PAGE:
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Arquivo Brasileiro de Medicina Veterinária e Zootecnia

Print version ISSN 0102-0935

Arq. Bras. Med. Vet. Zootec. vol.66 no.5 Belo Horizonte Oct. 2014 

Veterinary Medicine

Horner-s Syndrome following common carotid artery translocation in a horse: case report

Síndrome de Horner após transposição de carótida em equino: relato de caso

C.M.M. Coelho 1  

M.C.S. Lopes 2  

F.N. Flôres 3  

D. Zangirolami Filho 1  

P.A. Canola 1  

C.A.A. Valadão 1  

1Universidade Estadual Paulista Júlio de Mesquita Filho - Jaboticabal, SP

2Universidade Federal da Bahia - Salvador, BA

3Universidade Federal de Roraima - Boa Vista, RR


Horner's syndrome (HS) is a sympathetic dysfunction caused by injuries to the sympathetic pathway. A clinical case of HS following common carotid artery transposition and catheterization in a horse is described. The animal presented head and neck sweating with focal skin temperature elevation, facial paralysis and ptosis. Most clinical signs were transient and persisted for two hours following percutaneous catheter removal. Recurrence of clinical signs was observed at subsequent catheterizations. Ptosis endured for 10 months as a consequence of the first catheter placement which demonstrates the importance of careful manipulation of the anatomical structures of the neck when performing any surgical manipulation in this area.

Key words: horse; neurologic disorders; sympathetic trunk; nerve dysfunctions


A síndrome de Horner é uma disfunção do sistema nervoso autônomo simpático, decorrente de qualquer injúria a essa via de transmissão nervosa. Este artigo descreve um caso da síndrome após cirurgia para a transposição da artéria carótida comum. Os sinais clínicos observados foram sudorese de face e pescoço, com hipertermia localizada, paralisia facial e ptose palpebral. A maioria dos sinais foi transitória e se manifestou por até duas horas após a remoção do cateter percutâneo, introduzido na artéria transposta. Como essa manifestação foi recorrente nas venóclises subsequentes e a ptose palpebral perdurou por 10 meses, desde a primeira punção arterial, ressalta-se a importância e o critério quando da necessidade de manipulação cirúrgica dessa região anatômica.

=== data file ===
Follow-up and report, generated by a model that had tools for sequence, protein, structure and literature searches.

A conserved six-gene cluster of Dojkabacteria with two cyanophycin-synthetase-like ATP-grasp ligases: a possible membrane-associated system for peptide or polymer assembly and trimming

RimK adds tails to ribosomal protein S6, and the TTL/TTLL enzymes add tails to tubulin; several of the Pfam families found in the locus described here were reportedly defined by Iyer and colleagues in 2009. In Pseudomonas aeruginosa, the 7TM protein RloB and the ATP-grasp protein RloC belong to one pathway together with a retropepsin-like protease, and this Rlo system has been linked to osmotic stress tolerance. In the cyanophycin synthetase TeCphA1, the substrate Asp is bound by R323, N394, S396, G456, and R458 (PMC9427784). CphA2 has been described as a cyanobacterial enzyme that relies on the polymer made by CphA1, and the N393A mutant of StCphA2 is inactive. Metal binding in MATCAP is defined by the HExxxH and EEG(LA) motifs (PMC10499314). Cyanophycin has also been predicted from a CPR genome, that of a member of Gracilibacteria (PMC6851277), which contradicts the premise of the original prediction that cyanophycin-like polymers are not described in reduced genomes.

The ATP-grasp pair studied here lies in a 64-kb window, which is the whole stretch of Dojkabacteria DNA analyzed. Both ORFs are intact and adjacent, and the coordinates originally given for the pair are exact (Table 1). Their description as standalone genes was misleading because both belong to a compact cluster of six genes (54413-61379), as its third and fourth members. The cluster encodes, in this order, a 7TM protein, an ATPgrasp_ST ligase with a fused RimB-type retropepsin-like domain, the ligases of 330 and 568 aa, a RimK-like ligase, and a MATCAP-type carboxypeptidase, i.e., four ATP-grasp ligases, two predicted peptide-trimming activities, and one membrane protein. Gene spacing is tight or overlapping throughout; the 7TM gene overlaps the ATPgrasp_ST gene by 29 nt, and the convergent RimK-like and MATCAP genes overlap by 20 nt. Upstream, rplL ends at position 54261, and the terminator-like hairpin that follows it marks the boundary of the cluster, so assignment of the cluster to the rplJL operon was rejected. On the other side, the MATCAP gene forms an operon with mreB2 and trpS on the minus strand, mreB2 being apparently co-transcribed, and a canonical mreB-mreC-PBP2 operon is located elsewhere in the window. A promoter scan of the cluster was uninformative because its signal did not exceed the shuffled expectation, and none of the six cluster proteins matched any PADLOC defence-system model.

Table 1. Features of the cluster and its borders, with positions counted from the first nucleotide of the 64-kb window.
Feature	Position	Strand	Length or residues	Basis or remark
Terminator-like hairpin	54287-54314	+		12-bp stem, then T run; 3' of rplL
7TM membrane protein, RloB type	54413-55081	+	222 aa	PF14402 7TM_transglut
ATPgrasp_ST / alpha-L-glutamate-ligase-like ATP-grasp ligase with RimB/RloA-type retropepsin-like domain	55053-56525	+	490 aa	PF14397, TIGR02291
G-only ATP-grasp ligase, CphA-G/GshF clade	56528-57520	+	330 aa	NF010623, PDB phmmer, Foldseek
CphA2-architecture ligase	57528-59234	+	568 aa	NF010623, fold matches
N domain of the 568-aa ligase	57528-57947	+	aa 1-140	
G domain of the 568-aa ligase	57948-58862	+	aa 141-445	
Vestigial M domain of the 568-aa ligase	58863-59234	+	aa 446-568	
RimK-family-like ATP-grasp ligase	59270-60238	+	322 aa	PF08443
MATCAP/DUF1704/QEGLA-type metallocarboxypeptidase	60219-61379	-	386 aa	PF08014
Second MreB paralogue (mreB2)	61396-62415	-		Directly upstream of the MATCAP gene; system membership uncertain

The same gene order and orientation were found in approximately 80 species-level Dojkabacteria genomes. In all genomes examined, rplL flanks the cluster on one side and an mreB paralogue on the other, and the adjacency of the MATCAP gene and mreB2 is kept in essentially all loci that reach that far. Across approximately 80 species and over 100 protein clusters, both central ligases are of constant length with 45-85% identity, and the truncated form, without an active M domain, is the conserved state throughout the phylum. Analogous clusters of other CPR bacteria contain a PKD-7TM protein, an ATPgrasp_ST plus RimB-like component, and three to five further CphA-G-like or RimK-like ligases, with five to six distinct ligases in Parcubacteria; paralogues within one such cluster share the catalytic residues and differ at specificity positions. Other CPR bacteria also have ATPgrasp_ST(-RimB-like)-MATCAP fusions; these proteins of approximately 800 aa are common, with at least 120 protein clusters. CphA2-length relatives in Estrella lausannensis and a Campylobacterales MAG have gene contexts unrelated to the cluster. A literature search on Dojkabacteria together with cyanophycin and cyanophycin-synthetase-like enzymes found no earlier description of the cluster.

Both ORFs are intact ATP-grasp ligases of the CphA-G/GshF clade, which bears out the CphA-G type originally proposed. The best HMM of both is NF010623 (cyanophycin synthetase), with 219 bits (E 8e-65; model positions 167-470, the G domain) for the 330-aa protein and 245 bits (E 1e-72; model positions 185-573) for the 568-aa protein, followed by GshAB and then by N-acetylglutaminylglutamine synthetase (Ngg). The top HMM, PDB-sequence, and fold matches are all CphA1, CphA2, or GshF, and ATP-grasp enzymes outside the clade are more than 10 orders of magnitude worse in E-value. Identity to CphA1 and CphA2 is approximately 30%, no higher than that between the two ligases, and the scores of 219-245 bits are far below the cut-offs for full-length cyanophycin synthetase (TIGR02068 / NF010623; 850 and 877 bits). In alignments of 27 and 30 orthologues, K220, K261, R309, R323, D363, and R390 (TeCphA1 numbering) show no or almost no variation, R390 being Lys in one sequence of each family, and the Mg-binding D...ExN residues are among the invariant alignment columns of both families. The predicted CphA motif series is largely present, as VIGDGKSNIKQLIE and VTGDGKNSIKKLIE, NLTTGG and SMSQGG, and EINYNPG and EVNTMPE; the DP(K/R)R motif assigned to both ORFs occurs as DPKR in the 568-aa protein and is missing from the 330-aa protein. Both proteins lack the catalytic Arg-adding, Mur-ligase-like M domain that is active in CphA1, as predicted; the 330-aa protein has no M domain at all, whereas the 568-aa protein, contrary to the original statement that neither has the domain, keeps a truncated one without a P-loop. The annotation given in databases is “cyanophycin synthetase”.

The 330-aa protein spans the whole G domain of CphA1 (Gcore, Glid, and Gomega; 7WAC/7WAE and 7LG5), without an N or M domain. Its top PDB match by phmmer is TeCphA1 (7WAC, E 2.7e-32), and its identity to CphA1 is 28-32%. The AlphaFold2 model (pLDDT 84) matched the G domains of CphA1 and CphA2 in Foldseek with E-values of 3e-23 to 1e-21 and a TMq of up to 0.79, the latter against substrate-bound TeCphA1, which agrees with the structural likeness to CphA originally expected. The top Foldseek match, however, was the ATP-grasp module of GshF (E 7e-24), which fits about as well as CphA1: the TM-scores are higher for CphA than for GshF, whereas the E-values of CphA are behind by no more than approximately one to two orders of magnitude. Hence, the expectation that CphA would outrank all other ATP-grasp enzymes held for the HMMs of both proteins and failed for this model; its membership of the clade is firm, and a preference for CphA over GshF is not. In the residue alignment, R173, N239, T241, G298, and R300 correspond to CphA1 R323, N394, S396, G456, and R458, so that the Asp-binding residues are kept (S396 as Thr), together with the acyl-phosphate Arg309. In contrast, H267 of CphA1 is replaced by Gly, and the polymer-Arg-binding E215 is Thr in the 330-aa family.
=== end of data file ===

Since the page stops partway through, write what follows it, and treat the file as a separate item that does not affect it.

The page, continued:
Palavras-Chave: cavalo; desordem neurológica; tronco simpático; disfunção nervosa


A minimum knowledge of the autonomic nervous system morphophysiology is mandatory when one seeks understanding of Horner's Syndrome (HS). Any lesion to this pathway may cause HS including damage to the cervical sympathetic trunk in the neck, the cranial cervical ganglion in the guttural pouch and the cervicothoratic (stellate) ganglion in the cranial thorax (Skarda et al., 1986; Jones, 1989; Green et al., 1992; Murray et al., 1997). The clinical signs most commonly observed in horses are increased skin temperature and sweating of the head and neck, and less commonly ptosis, miosis, enophtalmos and third eyelid protrusion on the ipsilateral side. In addition, the dilation of facial blood vessels and nasal and conjuntival mucous membrane hyperemia may develop (Jones, 1989; Hahn, 2006).

In equine veterinary practice, the jugular groove (vein) and neck musculature are two important sites for intravenous and intramuscular administration of drugs, respectively, that may be a factor in accounting for some cases of iatrogenic Horner's Syndrome in this species. This report describes a transitory and intermittent case of Horner´s Syndrome in a horse following common carotid artery catheterization (Tavernor, 1969), previously relocated for research purposes.